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Adapting AGMs to Modern Challenges

Similar to many corporate aspects of large companies, AGMs are not shielded from contemporary challenges. For instance, the acceptance of virtual AGMs is growing due to technological advancements, allowing companies to adapt to new ways of conducting these meetings.

However, virtual AGMs face challenges such as legal problems, legislative necessities, and guidance from proxy advisers. Moreover, AGMs can be postponed within such provisions as defined by legal boundaries and obligations, adapting to the challenges posed by pandemics.

Virtual and hybrid AGM models and Companies Ordinance 2023

Virtual and hybrid AGM models have emerged as a response to these challenges. According to the new rules set by The Companies Ordinance (Amendment) 2023, effective from April 28, 2023, companies in Hong Kong can conduct fully virtual or hybrid general meetings.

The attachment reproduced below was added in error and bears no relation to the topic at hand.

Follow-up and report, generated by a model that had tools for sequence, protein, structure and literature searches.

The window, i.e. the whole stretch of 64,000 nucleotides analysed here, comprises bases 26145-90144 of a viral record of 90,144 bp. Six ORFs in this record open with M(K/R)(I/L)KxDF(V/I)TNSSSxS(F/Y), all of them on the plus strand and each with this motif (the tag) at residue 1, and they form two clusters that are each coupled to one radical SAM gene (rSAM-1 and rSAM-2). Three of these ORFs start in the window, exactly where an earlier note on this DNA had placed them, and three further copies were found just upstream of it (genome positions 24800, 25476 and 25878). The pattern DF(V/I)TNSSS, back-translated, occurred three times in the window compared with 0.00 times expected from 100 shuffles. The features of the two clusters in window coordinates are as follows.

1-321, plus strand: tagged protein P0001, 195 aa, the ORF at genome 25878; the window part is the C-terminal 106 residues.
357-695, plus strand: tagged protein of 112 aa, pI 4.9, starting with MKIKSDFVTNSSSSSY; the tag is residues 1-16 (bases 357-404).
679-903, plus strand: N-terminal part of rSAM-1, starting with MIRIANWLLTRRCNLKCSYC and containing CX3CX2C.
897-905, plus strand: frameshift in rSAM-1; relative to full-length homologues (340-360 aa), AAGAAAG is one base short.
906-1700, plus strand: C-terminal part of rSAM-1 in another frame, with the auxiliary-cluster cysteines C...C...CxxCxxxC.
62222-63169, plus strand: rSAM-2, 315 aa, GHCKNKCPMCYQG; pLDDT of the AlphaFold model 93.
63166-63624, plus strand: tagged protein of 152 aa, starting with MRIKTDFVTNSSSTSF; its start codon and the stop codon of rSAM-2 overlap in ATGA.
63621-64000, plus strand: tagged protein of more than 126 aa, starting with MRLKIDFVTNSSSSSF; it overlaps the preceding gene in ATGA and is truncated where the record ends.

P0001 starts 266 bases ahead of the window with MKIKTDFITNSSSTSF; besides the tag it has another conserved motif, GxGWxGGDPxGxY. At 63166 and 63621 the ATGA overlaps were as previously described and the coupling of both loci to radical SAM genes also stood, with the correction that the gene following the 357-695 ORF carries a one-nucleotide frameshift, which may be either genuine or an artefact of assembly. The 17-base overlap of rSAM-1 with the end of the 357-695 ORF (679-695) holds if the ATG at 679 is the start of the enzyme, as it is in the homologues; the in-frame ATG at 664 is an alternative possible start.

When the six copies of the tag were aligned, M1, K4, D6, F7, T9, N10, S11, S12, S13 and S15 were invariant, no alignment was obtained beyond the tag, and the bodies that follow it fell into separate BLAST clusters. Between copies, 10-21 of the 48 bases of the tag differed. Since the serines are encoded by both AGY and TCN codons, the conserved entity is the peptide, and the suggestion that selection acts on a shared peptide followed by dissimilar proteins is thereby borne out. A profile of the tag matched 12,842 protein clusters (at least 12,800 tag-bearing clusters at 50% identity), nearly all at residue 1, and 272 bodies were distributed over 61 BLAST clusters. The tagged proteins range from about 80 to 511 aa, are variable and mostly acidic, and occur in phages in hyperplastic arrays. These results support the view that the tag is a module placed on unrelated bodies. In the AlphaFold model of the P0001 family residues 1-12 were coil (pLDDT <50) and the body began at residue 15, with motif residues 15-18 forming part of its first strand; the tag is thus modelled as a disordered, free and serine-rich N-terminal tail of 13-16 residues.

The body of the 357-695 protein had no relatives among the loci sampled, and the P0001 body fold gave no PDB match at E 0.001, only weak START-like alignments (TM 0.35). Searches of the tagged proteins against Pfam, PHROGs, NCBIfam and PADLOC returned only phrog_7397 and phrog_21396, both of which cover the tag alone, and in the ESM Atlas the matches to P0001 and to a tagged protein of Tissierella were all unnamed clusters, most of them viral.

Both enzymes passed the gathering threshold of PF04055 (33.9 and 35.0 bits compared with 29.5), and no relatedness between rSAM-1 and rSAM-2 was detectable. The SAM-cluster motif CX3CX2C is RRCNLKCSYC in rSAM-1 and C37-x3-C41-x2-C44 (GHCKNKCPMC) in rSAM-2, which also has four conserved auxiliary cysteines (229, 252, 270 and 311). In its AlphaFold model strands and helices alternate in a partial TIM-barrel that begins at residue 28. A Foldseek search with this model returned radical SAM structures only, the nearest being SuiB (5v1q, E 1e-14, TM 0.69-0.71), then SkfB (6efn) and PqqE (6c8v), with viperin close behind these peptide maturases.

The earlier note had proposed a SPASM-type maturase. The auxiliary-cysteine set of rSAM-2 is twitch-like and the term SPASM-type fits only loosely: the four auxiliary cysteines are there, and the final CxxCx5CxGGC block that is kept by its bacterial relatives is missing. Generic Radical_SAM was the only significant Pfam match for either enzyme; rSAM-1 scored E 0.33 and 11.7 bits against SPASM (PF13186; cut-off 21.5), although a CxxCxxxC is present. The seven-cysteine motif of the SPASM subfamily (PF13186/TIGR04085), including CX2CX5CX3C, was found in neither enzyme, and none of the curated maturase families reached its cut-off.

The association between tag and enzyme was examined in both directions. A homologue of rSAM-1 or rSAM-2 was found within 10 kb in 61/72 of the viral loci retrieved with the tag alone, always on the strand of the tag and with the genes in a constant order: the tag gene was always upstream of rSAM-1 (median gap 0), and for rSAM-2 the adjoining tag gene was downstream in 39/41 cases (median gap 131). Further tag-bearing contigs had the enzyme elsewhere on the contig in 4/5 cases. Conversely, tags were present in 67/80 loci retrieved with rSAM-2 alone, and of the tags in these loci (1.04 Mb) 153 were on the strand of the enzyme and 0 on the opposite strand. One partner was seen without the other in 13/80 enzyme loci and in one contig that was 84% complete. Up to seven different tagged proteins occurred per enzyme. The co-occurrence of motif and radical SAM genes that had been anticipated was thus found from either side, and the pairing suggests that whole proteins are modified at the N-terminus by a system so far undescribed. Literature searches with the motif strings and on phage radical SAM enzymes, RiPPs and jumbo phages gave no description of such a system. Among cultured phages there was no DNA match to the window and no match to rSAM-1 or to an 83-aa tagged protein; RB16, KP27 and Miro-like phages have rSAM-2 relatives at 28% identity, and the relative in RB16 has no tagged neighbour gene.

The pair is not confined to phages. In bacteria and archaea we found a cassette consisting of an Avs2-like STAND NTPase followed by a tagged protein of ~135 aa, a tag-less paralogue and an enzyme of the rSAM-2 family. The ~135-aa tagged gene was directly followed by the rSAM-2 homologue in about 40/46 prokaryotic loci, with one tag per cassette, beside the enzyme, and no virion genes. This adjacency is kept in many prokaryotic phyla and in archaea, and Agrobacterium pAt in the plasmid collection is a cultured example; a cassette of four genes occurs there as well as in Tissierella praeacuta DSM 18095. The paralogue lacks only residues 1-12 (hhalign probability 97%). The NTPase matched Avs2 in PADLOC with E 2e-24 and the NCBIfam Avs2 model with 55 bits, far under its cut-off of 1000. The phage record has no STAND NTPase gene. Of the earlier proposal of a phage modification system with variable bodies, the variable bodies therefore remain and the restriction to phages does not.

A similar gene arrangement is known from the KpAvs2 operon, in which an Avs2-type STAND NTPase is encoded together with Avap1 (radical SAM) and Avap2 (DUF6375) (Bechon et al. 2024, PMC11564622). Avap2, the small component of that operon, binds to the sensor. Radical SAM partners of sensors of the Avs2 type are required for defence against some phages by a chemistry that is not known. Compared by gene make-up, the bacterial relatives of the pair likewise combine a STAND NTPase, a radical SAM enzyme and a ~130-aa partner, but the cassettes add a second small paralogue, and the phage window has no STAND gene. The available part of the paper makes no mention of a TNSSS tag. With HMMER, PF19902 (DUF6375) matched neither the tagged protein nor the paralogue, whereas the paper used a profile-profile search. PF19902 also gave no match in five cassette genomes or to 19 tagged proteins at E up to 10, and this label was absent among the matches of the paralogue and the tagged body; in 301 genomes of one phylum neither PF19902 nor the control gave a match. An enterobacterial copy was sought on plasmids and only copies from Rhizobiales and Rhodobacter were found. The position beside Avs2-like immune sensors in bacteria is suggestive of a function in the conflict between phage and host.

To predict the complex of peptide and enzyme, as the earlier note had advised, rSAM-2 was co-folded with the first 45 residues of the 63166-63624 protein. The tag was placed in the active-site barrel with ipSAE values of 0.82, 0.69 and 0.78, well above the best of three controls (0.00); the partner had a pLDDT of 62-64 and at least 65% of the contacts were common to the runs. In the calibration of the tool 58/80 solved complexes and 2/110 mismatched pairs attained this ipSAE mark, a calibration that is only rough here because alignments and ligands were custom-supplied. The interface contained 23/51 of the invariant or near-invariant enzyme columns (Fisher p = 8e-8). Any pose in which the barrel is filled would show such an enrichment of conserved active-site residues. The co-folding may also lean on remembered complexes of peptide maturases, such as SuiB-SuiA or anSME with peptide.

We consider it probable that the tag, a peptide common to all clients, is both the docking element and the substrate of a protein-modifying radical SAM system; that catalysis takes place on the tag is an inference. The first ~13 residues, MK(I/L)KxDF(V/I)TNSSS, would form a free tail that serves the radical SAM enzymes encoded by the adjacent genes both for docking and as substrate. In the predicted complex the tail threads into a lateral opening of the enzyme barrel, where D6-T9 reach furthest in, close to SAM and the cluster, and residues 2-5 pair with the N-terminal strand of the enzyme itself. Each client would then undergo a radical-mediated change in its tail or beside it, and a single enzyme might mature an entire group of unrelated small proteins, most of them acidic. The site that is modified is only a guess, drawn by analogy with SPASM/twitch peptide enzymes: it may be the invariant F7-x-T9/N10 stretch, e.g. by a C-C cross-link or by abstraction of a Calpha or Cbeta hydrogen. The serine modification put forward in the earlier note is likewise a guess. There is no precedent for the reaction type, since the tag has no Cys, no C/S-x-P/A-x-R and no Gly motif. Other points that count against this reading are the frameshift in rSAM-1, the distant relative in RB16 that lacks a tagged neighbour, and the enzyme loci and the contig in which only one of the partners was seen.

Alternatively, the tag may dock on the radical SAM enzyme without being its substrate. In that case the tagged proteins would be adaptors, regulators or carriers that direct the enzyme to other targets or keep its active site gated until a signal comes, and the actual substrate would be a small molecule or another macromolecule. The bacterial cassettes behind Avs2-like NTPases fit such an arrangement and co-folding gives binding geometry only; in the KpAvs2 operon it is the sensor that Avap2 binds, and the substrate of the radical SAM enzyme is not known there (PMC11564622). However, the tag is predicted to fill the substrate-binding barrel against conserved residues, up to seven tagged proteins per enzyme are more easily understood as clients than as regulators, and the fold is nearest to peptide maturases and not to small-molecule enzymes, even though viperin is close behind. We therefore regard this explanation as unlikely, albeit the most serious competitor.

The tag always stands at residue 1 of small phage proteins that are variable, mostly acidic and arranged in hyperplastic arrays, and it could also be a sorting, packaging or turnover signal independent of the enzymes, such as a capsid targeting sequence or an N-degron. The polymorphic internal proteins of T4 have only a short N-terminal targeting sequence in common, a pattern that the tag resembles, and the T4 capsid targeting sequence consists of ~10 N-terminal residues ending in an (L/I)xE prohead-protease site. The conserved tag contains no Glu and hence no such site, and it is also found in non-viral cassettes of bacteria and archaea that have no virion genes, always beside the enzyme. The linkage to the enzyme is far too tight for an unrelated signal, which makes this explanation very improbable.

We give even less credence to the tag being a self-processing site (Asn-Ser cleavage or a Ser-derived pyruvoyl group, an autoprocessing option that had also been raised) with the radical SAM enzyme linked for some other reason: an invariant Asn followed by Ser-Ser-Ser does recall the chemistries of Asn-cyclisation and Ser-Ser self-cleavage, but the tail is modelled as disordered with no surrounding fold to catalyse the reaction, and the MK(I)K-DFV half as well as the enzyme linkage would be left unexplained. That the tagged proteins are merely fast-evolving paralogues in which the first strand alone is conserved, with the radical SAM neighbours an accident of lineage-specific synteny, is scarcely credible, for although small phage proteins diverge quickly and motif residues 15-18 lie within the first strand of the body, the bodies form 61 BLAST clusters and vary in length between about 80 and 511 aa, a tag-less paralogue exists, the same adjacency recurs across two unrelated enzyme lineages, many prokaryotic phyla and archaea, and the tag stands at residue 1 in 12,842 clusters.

These models allow even public companies to conduct meetings using technology that enables members to listen, speak, and vote, regardless of their physical location. This not only increases accessibility but also enhances participation in AGMs.

Postponement and adjournment protocols

Considering the unpredictability of the contemporary world, firms might need to delay or adjourn their AGMs. This can occur when provided for in a company’s constitutional documents or by the chair’s discretion in certain circumstances.

However, the need to hold AGMs within a set timeframe makes delaying due to pandemic restrictions, like those for COVID-19, a limited option. Thus, companies need to have a clear understanding of postponement and adjournment protocols to navigate these challenges effectively.

AGMs Around the World: Case Studies

While AGMs are a widespread practice globally, they can adopt distinct formats in various jurisdictions.